The environment[edit]

John McCain Barack Obama
McCain's stances on global warming and other environmental issues have often put him at odds with the Bush administration and other Republicans. For example, he has generally opposed drilling in the Arctic National Wildlife Refuge.[135] According to the League of Conservation Voters' 2006 National Environmental Scorecard, McCain took an "anti-environment" stance on four of seven environmental resolutions during the second session of the 109th congress. The four resolutions dealt with issues such as offshore drilling, an Arctic national wildlife refuge, low-income energy assistance, and environmental funding.[136] McCain's measures to lower auto emissions include higher fines for not complying with CAFE standards, calling for a level playing field for all alcohol-based biofuels, issuing a Clean Car Challenge to automakers (a US$5,000 dollar tax credit for each and every customer who buys a zero-emissions car) and awarding a substantial prize to the auto company that develops a next-generation car battery.[137] Obama has a 'New Energy for America' plan and he has pledged to cut greenhouse gas emissions 80 percent below 1990 levels by 2050 by forcing a market-based cap-and-trade system,[138] recommitting federal resources to public mass transportation and carbon sequestration (incentives to plant trees, restore grasslands or undertake farming practices). Obama also has plans for improving air and water quality through reduced carbon emissions.[139] Obama worked as a member of the US Senate Committee on Environment and Public Works during the 109th Congress.[140] At least 30 percent of federal government's electricity would come from renewable sources by 2020.[139] Also, he wants to create a 'Global Energy Forum' of the largest energy consuming nations (G8+5). The League of Conservation Voters has given Obama the highest lifetime rating of anyone currently running for president.[141]
Bob Barr Cynthia McKinney
Barr pledges to eliminate restrictions that inhibit energy production, as well as all special privileges for the production of politically favored fuels, such as ethanol; supports the exploration and production of America’s abundant domestic resources, including oil in the Outer Continental Shelf and Arctic National Wildlife Refuge, and alternative sources such as oil shale, which would lower costs to the consumer and assure more adequate and consistent supplies.[142] McKinney plans to create a cap on production and consumption as well as add organic farming, sustainability, and GM to the current Farm Bill. She also plans to assess toxic levels after Hurricane Katrina and Hurricane Rita. She voted yes on further AMTRAK funding and no on changing the Endangered Species Act of 1973. She also voted down a bill that allowed commercial logging on public land.[143]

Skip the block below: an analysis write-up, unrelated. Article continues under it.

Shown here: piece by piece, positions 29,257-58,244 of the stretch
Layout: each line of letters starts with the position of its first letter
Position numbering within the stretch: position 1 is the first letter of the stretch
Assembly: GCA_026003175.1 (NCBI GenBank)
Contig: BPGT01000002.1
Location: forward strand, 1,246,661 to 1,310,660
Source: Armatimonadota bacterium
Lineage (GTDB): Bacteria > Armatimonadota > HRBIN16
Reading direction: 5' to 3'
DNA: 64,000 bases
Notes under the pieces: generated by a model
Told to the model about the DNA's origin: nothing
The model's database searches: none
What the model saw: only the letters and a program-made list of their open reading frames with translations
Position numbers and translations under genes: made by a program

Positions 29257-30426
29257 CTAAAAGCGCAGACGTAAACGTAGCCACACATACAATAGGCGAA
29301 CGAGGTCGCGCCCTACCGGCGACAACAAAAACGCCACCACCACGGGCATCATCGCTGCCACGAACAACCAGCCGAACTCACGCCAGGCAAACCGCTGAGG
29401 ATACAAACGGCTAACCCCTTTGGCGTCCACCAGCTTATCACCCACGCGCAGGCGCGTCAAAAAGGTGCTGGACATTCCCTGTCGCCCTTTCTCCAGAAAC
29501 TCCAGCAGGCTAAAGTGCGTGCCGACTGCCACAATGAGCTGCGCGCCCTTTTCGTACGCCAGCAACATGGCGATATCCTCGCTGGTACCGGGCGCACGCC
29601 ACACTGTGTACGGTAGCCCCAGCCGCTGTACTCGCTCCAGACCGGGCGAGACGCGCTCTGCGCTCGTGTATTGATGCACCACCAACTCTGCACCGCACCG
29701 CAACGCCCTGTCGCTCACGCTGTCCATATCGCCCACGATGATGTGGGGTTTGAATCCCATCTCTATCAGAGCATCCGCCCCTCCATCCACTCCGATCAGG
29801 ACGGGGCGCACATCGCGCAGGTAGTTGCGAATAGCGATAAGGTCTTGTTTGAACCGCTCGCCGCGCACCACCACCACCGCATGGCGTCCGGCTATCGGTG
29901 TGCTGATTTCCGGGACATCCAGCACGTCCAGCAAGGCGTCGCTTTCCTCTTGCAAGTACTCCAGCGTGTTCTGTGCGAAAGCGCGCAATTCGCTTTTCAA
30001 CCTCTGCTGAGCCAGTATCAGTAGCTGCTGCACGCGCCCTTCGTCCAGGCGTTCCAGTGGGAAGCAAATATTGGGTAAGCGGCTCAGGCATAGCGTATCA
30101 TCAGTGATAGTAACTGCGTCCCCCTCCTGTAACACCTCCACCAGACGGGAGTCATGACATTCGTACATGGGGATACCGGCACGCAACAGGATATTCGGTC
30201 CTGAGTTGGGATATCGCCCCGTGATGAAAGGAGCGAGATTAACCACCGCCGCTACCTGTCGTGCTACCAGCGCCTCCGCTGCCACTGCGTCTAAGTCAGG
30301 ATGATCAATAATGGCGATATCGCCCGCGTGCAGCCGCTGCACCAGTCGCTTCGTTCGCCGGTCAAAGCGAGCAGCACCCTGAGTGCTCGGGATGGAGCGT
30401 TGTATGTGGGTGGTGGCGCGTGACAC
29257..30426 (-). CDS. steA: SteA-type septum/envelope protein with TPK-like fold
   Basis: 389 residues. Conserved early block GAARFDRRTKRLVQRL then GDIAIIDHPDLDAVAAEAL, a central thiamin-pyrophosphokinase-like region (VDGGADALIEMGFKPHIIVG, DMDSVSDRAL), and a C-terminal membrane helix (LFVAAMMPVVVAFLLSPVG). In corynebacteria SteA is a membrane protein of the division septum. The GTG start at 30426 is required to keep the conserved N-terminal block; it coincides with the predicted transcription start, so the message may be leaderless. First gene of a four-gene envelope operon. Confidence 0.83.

Ralph Nader Chuck Baldwin
Nader is credited with helping the Clean Air Act (1970) and Safe Drinking Water Act (1974).[72] He was one of the first public figures to advocate renewable energy during the 1970s.[144] Nader supports mandatory standards for recycling and precycling, especially in areas of government control.[145]

Energy[edit]

Further information: Energy in the United States
John McCain Barack Obama
McCain gave a major speech on his energy policy at the Center for Strategic and International Studies. He connected energy independence with national security, climate change, and the environment.[146][147] McCain proposed increasing ethanol imports[citation needed] and moving from exploration to production of plug-in hybrid electric vehicles. He said that US dependence on foreign oil is "a major strategic vulnerability, a serious threat to our security, our economy and the well being of our planet." He is co-sponsor of a Senate cap-and-trade bill designed to limit greenhouse gas emissions,[148] and is seen as a bipartisan leader on the issue.

McCain supports the increased use of nuclear energy in the US and reduce renewable sources to produce electricity. He has promoted the expanded use of nuclear power, calling for 45 new nuclear reactors to be built by 2030.[149]